Jodi & Mike's Ecuador adventure travel blog

 

He tied me to the rail road tracks!

 

 

cerveca grande (in Banos)

falafel and tabouli...yum (Actually taken in Banos)


Mike succumbed to traveller's trots and seemed to think closing the bathroom door at 2 am was unnecessary. Thanks. Oil of oregano has worked it's magic and he's feeling much better.

Unfortunately several other hotel guests didn't get the memo that WE don't have to get up early and made quite a racket. Oh well. I got some scrabble games in :)

We took a bus to Rhiobamba where we switched buses to Alausi. Alausi is a small village nestled in a valley. The views as we approached it were amazing but impossible to photograph from a bus. The disadvantage to public transport is they don't stop for photo ops. Bummer.

Many of the people in Alausi wear traditional clothing but really dislike having their photo taken so I did a lot of “shooting from the hip” and hoped a few of them turn out. The restaurants in town don't cater to tourists and you basically get what they happen to cook that day. Coffee is prepared by heating milk and you add instant coffee to it. It's not bad.

The “Devil's Nose” train takes you from the top to the bottom of a mountain using switch backs. It was originally created to transport material up and down the easiest way possible. The blasting and construction involved in creating it scared away all the condors and killed many people. Now it's basically a tourist attraction. About 6 months ago it got a total upgrade so the train is very comfortable and pretty but the windows don't open and you can no longer climb on top so it's next to impossible to get decent photos of the gorgeous scenery. At the bottom of the mountain we got off the train to dance with the locals, have a snack and take some goofy pictures.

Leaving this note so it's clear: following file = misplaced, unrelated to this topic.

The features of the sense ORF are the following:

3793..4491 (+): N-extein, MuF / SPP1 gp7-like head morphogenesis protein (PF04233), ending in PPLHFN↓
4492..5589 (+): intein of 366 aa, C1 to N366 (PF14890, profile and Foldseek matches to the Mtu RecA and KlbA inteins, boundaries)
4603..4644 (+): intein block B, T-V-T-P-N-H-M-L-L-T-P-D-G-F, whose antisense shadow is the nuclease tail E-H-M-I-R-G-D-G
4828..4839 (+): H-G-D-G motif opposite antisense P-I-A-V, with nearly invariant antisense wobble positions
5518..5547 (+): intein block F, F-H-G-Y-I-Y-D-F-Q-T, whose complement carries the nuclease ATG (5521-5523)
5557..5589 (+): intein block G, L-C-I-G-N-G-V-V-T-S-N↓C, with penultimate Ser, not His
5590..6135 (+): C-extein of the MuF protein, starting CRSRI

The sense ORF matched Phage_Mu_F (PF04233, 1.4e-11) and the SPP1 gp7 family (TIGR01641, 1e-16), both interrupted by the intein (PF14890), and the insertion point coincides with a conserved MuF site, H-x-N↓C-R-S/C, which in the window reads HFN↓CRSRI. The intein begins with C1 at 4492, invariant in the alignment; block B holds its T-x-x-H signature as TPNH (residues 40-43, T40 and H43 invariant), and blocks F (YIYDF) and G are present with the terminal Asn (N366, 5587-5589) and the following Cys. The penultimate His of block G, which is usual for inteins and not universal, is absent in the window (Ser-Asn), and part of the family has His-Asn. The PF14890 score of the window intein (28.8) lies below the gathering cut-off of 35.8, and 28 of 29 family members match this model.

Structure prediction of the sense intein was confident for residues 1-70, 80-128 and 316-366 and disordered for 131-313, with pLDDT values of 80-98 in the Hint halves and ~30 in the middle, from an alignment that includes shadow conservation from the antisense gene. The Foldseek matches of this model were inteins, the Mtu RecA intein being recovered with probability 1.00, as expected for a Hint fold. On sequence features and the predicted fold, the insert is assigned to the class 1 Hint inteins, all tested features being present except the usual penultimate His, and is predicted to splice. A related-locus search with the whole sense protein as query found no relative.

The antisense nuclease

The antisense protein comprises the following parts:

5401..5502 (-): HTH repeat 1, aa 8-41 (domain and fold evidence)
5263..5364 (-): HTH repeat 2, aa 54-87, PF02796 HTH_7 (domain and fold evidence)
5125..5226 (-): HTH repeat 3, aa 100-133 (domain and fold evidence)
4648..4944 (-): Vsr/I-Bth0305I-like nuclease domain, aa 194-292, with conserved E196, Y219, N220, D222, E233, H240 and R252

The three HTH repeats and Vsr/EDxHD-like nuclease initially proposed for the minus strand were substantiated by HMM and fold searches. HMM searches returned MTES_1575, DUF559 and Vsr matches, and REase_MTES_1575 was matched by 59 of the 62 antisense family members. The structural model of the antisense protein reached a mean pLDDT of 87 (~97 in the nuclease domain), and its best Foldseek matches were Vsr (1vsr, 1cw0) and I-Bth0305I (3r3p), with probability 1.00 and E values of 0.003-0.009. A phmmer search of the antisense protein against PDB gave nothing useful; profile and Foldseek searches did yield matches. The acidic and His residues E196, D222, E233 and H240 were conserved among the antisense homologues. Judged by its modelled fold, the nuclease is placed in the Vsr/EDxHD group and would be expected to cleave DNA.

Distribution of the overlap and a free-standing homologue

Back up the mountain and in the village we did a walk about and attempted to find a bank machine that would give us money as nobody takes credit cards. We met with the others and discussed dinner options. Some opted for spaghetti but Susan, Cindy, Mike and I decided on some good old greasy food. We sat down and the lady brought us each a plate with a big hunk of deep fried chicken and fresh cut fries. The others opted for a giant beer and I asked for water. She brought me a glass. Uh oh. I tried asking where it came from and she pointed to a water jug. Phew. The total bill for the 4 of us was $11.75. Giovanny walked in and we convinced him to join us in our decadence.

Thursday, February 21

After a great night's sleep, I turned on the shower. No water. So I waited and eventually it came. It never did get very warm though so it was very quick. We went to find some breakfast. We sat and the only choice was how do you want your eggs. I couldn't remember scrambled in Spansih but she understood my gestures. Frito is easy..

The bus ride to Guayaquil is again, incredibly scenic. Mountains and beautiful valleys are everywhere with rivers winding through rich farmland worked manually by people in traditional dress. We saw one tractor. They farm very steep grades so tractors aren't practical. Taking a photo is impossible as this guy is a crazy driver. The road winds with sharp turns and steep grades, goes up into the clouds, then down to the valleys and back up again.

The heat arrived as soon as we got out of the mountains. Apparently taxis in Guayaquil don't like groups of people with bags. They can make more money from individual fares so Giovanny arranged for 3 pick up trucks to pick us up and we rode in the back with our luggage to the hotel.

We walked to the waterfront, had dinner, went to a park with lots of iguanas, met John and Christine and went for ice cream. Then it started pouring so we hailed a taxi to take us back to the hotel. After having coffee with them we headed to our room to find we'd missed a skype call from Ariel. Bummer.

I'll be glad to leave here tomorrow morning. I'm not a city lover.

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